Thermal and Hygrothermal Analysis in Building Envelope Commissioning

Apr 10, 2010

As the focus of new building construction shifts towards sustainability with emphasis on energy efficient design, more importance is placed on performance of the building envelope. Ensuring the envelope performs up to specifications is, at least in part, the purview of whole building commissioning. Government developments in Canada and the United States have been commissioning the building envelope for many years. Commissioning is becoming more common in the commercial sector, as developers require more specific project targets, either to meet enhanced building code requirements or earn LEED certification.

However, no amount of physical testing or field observation can compensate for an envelope design that was flawed from the outset. It is therefore important for building scientists to support a project’s design with quantitative data, prior to construction commencing. Computer simulation programs aid in this respect, giving building scientists the ability to model simulations that would be difficult to calculate otherwise. Simulations provide the ability to quickly verify a design’s expected performance, highlight problem areas for revision by the principal designers, or predict potential long term problems in novel, un-tried assemblies.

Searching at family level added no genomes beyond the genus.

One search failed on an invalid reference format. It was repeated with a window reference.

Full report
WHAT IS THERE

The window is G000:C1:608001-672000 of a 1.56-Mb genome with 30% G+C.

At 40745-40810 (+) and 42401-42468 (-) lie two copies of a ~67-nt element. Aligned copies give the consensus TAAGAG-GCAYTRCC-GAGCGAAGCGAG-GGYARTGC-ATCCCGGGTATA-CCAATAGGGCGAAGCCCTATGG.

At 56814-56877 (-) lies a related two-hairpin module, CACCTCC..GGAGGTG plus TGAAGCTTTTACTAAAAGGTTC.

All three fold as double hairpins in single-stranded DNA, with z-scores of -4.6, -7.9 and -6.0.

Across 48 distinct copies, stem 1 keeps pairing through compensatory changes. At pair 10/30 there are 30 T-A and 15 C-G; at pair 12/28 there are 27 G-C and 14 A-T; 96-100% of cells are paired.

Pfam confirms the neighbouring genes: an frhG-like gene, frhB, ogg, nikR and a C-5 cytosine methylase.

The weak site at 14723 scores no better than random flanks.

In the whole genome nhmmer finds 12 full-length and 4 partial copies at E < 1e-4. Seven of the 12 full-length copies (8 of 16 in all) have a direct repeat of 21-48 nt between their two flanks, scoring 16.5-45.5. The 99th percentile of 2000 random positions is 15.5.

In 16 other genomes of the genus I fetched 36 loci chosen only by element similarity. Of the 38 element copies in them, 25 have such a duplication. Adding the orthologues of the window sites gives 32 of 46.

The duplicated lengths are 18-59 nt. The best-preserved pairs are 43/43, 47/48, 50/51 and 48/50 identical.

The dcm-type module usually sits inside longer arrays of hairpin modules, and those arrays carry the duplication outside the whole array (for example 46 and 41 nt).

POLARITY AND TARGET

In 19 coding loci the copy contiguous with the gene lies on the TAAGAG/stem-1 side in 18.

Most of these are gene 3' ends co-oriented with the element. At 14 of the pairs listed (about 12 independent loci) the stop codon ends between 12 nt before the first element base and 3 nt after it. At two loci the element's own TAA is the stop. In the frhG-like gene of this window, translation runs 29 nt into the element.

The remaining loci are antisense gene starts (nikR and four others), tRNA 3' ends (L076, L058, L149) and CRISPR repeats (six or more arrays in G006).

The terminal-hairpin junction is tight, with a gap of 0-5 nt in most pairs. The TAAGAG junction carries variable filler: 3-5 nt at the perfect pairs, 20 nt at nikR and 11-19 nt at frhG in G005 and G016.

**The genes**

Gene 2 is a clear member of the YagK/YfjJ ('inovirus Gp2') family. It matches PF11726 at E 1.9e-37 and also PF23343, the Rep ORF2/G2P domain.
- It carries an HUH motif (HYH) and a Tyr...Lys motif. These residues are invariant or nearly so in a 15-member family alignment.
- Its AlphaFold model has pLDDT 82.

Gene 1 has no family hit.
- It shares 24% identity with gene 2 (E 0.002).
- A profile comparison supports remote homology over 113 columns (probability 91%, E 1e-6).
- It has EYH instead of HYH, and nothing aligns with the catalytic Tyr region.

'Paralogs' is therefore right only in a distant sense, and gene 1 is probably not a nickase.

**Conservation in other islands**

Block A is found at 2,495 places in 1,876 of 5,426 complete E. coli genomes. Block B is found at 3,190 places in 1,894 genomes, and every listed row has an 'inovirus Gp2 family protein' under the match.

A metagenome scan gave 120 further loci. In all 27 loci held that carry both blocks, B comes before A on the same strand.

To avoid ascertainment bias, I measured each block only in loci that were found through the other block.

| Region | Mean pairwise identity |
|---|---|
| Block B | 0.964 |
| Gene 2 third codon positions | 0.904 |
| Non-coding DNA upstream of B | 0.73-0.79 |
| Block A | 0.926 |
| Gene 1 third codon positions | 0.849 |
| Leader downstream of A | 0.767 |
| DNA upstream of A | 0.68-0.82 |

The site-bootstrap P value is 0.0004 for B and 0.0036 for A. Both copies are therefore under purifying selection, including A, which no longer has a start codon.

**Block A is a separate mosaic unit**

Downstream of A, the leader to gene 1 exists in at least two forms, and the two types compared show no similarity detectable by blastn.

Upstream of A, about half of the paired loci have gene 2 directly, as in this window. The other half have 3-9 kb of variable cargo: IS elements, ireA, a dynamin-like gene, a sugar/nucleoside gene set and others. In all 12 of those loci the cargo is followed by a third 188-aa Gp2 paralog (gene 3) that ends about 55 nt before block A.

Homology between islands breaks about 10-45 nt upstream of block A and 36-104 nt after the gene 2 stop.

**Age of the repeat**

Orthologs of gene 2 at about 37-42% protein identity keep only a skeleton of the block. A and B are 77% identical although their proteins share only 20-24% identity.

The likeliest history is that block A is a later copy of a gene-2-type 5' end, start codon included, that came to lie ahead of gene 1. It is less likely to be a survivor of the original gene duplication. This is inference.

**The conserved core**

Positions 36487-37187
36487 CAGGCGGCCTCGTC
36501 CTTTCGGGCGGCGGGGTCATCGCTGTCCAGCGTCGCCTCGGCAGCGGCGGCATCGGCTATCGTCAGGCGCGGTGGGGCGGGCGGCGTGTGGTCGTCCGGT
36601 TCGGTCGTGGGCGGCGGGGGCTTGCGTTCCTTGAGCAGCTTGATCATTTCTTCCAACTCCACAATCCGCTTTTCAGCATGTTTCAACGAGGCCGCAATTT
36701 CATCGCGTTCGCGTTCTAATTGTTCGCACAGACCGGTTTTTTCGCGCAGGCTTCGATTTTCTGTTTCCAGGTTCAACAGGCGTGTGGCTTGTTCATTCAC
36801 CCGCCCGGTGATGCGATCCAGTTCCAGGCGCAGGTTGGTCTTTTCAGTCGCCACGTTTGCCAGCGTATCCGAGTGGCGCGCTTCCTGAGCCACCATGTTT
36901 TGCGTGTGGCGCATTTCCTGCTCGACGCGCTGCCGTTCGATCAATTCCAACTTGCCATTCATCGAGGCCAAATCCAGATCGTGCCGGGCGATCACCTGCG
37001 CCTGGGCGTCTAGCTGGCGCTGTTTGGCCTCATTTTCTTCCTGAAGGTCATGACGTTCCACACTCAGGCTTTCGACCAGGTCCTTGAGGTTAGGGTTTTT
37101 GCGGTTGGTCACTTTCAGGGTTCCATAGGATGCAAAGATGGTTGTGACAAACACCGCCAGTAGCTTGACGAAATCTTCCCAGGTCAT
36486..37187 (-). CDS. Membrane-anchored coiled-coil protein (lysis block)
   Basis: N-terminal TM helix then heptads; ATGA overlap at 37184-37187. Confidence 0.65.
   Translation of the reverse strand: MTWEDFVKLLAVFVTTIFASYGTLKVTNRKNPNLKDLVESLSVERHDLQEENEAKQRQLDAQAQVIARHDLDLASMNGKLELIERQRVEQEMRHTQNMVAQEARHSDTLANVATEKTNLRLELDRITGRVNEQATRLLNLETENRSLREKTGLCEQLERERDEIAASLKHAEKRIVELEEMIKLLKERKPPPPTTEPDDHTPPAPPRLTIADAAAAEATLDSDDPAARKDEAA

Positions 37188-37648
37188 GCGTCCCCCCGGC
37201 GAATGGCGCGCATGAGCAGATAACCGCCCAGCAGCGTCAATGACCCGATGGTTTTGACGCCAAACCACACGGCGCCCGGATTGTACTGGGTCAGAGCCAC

This paper focuses on several case studies where thermal analysis and hygrothermal simulation software aided in the evaluation and adjustment of several building envelope designs. The software aided the commissioning process in several ways:

  1. They helped determine whether or not an assembly would function as required by project targets.
  2. They pinpointed potential or unforeseen problems of new design concepts.
  3. They provided clear graphical outputs that could be easily related to the client.
  4. They quickly assessed the effect of a minor change to an assembly.

The push towards green building design marks an important step in the building science industry. Being able to verify the quality of the building envelope design is equally important. Many programs exist that can model a building assembly’s performance. The software can be used to verify a traditional method or test a new design concept. The results offer an effective way to certify a building envelope’s performance and help clients reach their project targets.

Philip Parker, P. Eng, MRICS, (Read Jones Christoffersen Ltd.)
Cara Lozinsky, University of British Columbia
Presented at: 
Building Enclosure Science & Technology (BEST2) Conference
Published & professionally reviewed by: 
Christoffersen Ltd
University of British Columbia
Building Enclosure Technology & Environment Council (National Institute of Building Sciences)

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